#4 Comic Book News
#5 Comics Continuum

In tenth place is The Pulse. Comic Mix is on page two of the search results.

Where is Wizard?

I could not find Wizard Online within ten pages of Google search results for the keyword phrase "comic book news." (at least of the search made as of the date of this post)

That is horrible.

Wizard's site is not optimized for the phrase "comic book news," even though that is a big part of the service they are offering readers.

Neither does Wizard come up in the first ten pages of results for the term "comic books."

In fact, the only keyword phrase Wizard seems to do well in is "comic book magazine," in which it ranks #1. But that is not enough. It should be doing well on the other keywords as well, and it's not.

I would argue that a person is more likely to type in "comic book news" than "comic book magazine."

Now, to cause even more trouble, let's see how the big comic book companies rank on certain keyword searches on Google:

"Comic Book"
Marvel is 4th place on the first page
DC is 9th place in the second page
Archie Comics is 7th place on the seventh page
Top Shelf is 3rd place on the eighth page

That's all the major comic companies that come up after ten pages of search. That's not good.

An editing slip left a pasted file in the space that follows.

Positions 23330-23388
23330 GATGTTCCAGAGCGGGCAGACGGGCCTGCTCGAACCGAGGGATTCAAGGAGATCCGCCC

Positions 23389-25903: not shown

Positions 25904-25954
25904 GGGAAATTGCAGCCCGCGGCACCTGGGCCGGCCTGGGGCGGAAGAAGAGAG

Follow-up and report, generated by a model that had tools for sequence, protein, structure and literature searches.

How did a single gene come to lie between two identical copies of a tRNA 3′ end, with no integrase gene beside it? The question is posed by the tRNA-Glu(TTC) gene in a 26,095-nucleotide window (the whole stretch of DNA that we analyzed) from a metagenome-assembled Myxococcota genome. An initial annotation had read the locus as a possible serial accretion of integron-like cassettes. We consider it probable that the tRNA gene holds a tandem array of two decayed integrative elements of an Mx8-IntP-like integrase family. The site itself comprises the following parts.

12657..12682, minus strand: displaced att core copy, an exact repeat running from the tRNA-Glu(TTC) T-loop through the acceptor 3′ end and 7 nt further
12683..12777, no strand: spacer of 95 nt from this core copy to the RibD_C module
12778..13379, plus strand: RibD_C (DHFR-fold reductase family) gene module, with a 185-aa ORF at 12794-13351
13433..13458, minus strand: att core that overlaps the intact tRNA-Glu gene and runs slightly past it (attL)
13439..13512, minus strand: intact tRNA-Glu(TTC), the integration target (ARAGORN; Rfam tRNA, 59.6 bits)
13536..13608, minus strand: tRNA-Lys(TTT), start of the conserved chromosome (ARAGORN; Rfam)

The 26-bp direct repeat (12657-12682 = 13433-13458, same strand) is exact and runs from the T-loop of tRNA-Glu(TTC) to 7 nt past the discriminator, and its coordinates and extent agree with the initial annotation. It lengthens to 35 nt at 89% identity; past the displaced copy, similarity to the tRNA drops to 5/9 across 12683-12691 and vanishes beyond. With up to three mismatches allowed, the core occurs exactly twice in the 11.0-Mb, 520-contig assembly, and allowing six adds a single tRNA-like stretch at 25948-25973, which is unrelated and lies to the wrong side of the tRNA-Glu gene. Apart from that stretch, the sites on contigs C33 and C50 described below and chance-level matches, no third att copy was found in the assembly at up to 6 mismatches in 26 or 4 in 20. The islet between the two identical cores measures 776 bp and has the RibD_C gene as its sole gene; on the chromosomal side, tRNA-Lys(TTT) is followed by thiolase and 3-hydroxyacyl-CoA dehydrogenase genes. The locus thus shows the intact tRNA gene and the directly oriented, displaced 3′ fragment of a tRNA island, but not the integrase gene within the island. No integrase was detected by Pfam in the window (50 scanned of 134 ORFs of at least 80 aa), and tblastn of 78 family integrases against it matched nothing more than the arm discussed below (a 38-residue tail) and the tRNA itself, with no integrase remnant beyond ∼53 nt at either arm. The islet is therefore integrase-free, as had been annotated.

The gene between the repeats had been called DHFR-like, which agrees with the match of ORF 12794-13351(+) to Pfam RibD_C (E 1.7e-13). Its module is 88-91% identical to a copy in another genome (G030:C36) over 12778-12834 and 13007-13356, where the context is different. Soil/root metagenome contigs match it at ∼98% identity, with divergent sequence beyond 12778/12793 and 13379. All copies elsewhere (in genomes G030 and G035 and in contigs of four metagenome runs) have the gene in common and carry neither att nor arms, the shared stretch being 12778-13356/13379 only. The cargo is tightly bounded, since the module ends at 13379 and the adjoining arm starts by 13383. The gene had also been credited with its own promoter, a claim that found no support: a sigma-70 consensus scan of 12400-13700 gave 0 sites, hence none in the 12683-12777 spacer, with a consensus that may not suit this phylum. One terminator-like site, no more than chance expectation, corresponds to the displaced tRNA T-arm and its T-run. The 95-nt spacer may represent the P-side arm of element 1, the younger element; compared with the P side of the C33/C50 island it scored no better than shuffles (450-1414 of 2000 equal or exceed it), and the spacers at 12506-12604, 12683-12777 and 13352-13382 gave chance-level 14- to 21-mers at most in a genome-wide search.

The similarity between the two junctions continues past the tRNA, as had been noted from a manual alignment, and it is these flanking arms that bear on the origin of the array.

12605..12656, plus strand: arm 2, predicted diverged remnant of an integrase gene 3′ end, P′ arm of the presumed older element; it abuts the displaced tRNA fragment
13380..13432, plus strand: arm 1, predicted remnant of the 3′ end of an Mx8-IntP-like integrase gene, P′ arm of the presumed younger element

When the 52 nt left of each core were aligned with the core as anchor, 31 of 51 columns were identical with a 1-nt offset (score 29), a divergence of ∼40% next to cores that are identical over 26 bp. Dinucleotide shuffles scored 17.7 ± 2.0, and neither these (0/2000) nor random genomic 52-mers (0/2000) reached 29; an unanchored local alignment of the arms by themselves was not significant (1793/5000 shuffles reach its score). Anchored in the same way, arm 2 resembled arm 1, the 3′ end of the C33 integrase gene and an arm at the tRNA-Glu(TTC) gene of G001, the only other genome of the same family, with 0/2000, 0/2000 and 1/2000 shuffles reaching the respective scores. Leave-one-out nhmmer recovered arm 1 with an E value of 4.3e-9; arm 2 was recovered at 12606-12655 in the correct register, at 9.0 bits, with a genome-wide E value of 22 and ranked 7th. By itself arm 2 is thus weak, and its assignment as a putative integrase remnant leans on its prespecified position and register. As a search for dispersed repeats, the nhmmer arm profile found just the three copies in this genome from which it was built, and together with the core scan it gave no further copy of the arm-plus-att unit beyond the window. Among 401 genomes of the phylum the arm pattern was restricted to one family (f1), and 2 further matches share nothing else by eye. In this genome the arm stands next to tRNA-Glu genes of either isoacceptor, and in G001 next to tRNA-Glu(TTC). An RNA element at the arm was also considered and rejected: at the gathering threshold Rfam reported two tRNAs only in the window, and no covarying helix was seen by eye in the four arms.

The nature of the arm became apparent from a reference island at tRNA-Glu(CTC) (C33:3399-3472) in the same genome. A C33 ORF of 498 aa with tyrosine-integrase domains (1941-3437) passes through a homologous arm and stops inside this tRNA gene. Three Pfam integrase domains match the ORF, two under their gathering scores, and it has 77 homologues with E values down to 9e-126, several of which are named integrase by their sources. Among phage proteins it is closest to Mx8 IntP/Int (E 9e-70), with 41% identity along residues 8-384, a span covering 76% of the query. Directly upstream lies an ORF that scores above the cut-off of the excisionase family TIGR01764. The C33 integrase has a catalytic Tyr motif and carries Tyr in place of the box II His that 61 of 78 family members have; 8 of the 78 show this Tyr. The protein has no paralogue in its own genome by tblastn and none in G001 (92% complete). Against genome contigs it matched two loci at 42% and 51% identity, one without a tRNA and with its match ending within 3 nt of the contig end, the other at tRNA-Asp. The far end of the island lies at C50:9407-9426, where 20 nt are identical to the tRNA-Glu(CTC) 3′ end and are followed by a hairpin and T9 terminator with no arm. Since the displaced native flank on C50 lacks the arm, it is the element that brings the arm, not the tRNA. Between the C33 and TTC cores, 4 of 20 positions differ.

And it's not good that DC is not more optimized for something as basic as "comic book."

Or how about the term "graphic novel?" DC comes up on page three of search results for that. That's also unacceptable, considering what a big piece of the pie graphic novels are for DC, and their big budget.

Now, surely DC's own website would come up #1 in search results for "Superman," right?

Nope. The Superman Homepage, a fan site, comes up in 1st place. DC itself comes up in 9th place.

Another key phrase would be "comics for girls." comes in #1 for that. But DC's Minx line doesn't come up, after ten pages of search...

...and neither does Friends of Lulu (grumblegrumblegrumble).

The point is, people are turning to the Internet for information about comics more than ever before. Especially returning or new readers. They are not going to slog through ten pages to get to your site or comic. They will probably choose something on the first page (unless they are looking for something very very specific, in which case you still need to be optimized for that).

In Part Two, I will explain how Social Media can be used to market your comic or company.